Block S230 of the second method S200 recites, in response to receiving a door unlock signal from the external device, wirelessly transmitting a door unlock command from the ignition key to the vehicle. Generally, Block 230 functions to enable remote control of stock vehicle access functions of the stock ignition key based on authenticated vehicle access requests received from the external device. In one implementation, Block S230 toggles a relay coupled to a corresponding vehicle access circuit within the stock electronics of the ignition key. For example, in response to receiving a vehicle unlock request from the external device, Block S230 can toggle the state of a first relay connected across a vehicle unlock button on the stock ignition key PCB to mimic manual selection of the vehicle unlock button. In this example, in response to receiving a vehicle lock request from the external device, Block S230 can similarly toggle the state of a second relay connected across a vehicle lock button on the stock ignition key PCB to mimic manual selection of the vehicle lock button. Furthermore, in this example, in response to receiving a vehicle trunk open (or unlock) request from the external device, Block S230 can toggle the state of a third relay connected across a vehicle trunk open (or unlock) button on the stock ignition key PCB to mimic manual selection of the vehicle trunk open button. Once manual selection of a vehicle access button is thus replicated, a stock wireless communication module(s) of the stock ignition key can transmit corresponding vehicle access commands to a receiver within the vehicle, such as based on stock (i.e., OEM) authentication and encryption techniques integrated into the vehicle and the stock ignition key.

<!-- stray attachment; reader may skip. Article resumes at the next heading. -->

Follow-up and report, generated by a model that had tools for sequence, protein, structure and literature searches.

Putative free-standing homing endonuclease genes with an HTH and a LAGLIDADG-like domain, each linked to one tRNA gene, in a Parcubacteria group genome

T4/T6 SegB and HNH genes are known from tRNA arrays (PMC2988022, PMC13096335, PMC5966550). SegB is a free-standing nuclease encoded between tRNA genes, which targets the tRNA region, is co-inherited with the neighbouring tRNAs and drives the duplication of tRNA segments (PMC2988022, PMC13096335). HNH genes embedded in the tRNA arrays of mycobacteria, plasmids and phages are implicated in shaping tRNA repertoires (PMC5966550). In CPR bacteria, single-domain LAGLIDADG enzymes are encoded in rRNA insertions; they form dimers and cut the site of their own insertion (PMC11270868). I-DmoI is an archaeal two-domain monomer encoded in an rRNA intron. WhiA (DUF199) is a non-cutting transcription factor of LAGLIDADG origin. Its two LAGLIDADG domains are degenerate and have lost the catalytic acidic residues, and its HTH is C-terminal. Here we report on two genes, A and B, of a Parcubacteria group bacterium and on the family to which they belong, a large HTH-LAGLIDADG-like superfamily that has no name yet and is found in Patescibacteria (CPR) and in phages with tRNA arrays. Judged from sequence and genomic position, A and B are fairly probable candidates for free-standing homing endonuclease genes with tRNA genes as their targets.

However, Block S230 can respond in any other way to an authenticated vehicle access request from the external device to trigger transmission of a vehicle access command to the vehicle.